It'd be a good thing if they'd succeed. Moving control away from local hands and up the governmental ladder is generally a bad idea. The argument that AT&T and the cable companies use that claims that such a law would enable competition is simply wrong: competition was always possible, exclusive contracts are illegal under FEDERAL law, and NO local government would dare stand in the way of any competitor to the poltically despised cable company. From a purely practical point of view more competition usually means more business and more business means more income for local governments... So the idea that local governments would somehow want to impede competition is purest nonsense and was always meant for the rubes in the legislature. I suspect laying that claim before a judge is a mistake.

Here's to hoping that the judge shows good judgment. I'm not particularly counting on it.

Monday, October 27, 2008

"Cox to launch cellphone service" (updated)

Cox wants to be your phone company...cellular that is. (Or so says USAToday.)

There's been a real question for quite a while now as to what Cox was going to do with the (expensive) wireless bandwidth it bought in the 700 mhz band. The possibilities bandied about have ranged from advanced data services to mobile TV to, well, cellular service. That last is what Cox is leading with but makes it clear that it intends to do bits of the others:

Cox, which expects to eventually manage all aspects of its service, also will test faster 4G technologies that use the international Long Term Evolution (LTE) standard...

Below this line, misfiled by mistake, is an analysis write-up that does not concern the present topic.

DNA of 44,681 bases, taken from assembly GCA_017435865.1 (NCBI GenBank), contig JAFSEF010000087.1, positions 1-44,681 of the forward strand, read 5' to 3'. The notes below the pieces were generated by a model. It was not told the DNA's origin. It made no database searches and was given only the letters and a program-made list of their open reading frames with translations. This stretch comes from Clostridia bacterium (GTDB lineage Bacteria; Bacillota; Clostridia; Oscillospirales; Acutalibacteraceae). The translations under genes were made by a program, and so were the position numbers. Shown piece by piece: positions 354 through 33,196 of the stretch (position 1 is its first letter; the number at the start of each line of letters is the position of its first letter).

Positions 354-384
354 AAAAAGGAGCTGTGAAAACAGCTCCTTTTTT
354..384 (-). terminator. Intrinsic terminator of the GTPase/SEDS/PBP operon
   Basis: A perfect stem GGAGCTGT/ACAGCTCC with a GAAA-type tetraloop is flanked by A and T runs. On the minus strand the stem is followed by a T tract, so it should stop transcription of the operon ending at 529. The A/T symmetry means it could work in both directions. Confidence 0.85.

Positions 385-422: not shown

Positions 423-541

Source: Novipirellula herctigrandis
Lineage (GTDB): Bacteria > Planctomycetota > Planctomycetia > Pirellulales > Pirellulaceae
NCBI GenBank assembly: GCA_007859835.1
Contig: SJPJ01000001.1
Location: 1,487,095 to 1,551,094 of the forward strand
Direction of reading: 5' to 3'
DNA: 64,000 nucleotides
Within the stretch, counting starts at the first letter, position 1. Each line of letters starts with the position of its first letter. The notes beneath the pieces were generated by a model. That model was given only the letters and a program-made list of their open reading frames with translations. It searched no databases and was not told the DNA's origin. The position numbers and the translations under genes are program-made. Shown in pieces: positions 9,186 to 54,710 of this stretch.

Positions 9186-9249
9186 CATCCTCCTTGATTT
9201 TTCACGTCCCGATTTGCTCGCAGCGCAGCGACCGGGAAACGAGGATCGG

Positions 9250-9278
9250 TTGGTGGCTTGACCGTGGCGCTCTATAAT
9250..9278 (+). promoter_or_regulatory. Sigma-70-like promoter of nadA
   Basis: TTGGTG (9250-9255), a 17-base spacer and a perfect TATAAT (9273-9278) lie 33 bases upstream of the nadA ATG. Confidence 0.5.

Cox also says that subscribers will be able to watch TV shows, and possibly full-time channels, on their handsets. The company wouldn't say what video will be available, how much consumers will pay for cellphone service, which markets will get it first, or how long it will take before it's available in all its territories.

So what does that mean in Lafayette? Well, it's pretty clear that Cox, as I've been saying for some time, is shaping up to be the Verizon of cable companies, that is: the company which is willing to invest real money in an intelligent long-term vision. Moving into the wireless space is smart and a will be a real challenge to LUS and the community's new network. I do think an even smarter play for Cox, especially in Lafayette but everywhere, would have been to emphasize data and go with broad, open data structures like WiMax rather than tie themselves to a one wing of a narrow, cell-industry standard (LTE). Data is where the future is and flexibility is the key to success in the long run. Cox is apparently still locked in to their "old-world" mentality of providing "services" rather than access or communications. If they push much video at all over their wireless connection they will eat up bandwidth with proprietary, costly-to-consumer content. The cable model...in a world where they are competing against any real data-driven competitors it is a model with limited life. (And in Lafayette, though in few other places currently, they will have a data-driven competitor.)

Wireless services will enable integration with Cox's other phone and video services; in addition to watching some TV shows on their mobile phone:
..subscribers will be able to use the phones to program home DVRs. They'll also be able to access e-mail and voice mail that they receive at home.